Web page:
I think when the whole EDM thing first hit, it was kind of difficult because a lot of people started getting pulled towards that sound. I think about a year-and-a-half, maybe two years ago, there started to be this very clear distinction between Trance 2.0—which is very influenced by house and electro—so the faster trance, which is basically “Team 140,” “Who’s Afraid on 138?!” that sort of stuff. What I’m seeing right now is very established with a really strong following and there’s a lot of producers making that sound at the moment; most of them are actually from the U.K., the Netherlands, and so forth. So it’s maybe not a revival, but the start of a new bit of hype. That’s kind of cool. I don’t feel like it’s blowing up in the U.S. that quickly yet, but will probably start growing soon as well. I know in the U.K. that the EDM sound is kind of falling behind and [people are] moving towards the faster stuff again.

Kristina Sky mentioned to me you two might be working on some more music together. Any progress on a new collaboration between you two?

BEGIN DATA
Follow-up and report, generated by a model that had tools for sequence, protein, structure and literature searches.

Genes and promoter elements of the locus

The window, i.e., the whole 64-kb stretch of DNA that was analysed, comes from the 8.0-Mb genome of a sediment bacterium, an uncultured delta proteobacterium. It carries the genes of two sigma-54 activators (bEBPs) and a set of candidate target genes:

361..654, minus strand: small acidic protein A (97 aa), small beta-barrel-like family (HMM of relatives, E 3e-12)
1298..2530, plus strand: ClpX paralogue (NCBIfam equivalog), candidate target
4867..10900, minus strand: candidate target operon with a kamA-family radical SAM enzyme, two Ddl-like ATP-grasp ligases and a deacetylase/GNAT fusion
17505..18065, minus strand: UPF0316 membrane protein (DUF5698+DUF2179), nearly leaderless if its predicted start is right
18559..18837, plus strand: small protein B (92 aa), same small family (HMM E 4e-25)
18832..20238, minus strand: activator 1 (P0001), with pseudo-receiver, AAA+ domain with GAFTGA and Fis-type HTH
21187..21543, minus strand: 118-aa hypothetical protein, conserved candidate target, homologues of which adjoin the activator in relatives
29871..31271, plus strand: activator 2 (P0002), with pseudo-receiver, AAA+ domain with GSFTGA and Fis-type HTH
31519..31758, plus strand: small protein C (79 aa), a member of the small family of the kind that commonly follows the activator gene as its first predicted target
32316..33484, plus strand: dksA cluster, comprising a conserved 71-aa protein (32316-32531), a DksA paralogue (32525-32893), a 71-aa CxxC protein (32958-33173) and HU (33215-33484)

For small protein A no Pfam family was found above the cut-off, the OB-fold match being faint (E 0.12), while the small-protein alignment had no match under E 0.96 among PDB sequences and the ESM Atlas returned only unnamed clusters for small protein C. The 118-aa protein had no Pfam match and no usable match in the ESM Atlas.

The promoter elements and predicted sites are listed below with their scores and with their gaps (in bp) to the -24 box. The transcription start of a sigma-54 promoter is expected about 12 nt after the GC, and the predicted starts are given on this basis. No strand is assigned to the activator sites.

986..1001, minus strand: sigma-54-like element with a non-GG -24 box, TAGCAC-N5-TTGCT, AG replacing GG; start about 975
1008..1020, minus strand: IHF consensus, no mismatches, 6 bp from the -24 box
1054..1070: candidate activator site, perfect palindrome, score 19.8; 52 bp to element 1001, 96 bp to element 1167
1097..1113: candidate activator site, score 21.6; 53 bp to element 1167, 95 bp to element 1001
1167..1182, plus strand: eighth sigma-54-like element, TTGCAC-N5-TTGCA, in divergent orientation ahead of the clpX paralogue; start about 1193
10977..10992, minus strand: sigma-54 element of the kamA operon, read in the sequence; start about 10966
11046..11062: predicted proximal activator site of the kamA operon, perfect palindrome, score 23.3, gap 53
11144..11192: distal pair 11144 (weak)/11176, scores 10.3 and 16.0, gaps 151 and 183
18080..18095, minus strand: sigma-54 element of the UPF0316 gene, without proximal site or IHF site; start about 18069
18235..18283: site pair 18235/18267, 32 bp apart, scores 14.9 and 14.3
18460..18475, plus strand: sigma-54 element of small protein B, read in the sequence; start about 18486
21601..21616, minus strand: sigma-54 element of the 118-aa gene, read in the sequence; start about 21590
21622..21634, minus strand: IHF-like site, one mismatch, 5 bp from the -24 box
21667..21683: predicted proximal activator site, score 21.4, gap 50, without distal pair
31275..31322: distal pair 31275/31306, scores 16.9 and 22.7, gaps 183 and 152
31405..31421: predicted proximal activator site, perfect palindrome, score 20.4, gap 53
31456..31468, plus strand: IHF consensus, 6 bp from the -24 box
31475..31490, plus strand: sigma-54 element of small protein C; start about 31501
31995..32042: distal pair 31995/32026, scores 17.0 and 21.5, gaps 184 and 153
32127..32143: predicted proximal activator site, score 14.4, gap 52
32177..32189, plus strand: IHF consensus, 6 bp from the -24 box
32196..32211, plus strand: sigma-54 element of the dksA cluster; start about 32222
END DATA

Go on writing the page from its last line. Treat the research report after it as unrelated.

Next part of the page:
Yeah, we are. It’s a collaboration between Kristina and myself. Betsie Larkin is writing vocals and Shannon Kay is singing the vocals. It’s a busy collaboration, but that’s in the works actually. I produced the record with Kristina and they’re currently working on the final version of the vocals. It could be ready soon? I hope so.

But that’s not all. What other gems should people listen for to come out of your studio?

I have one more collaboration going on with Stereojackers versus Mark Loverush and Shelley Harland from the U.K. It’s also shaping up to be a pretty big project. The track is called “Connected.” It’s gonna be one of the main singles off their new album. It’s coming out around Winter Music Conference, so that’s one to keep an eye out for. This month I’m jumping in the studio with Adam Ellis to do a collab. That’s the music news.

You also teach at a music academy?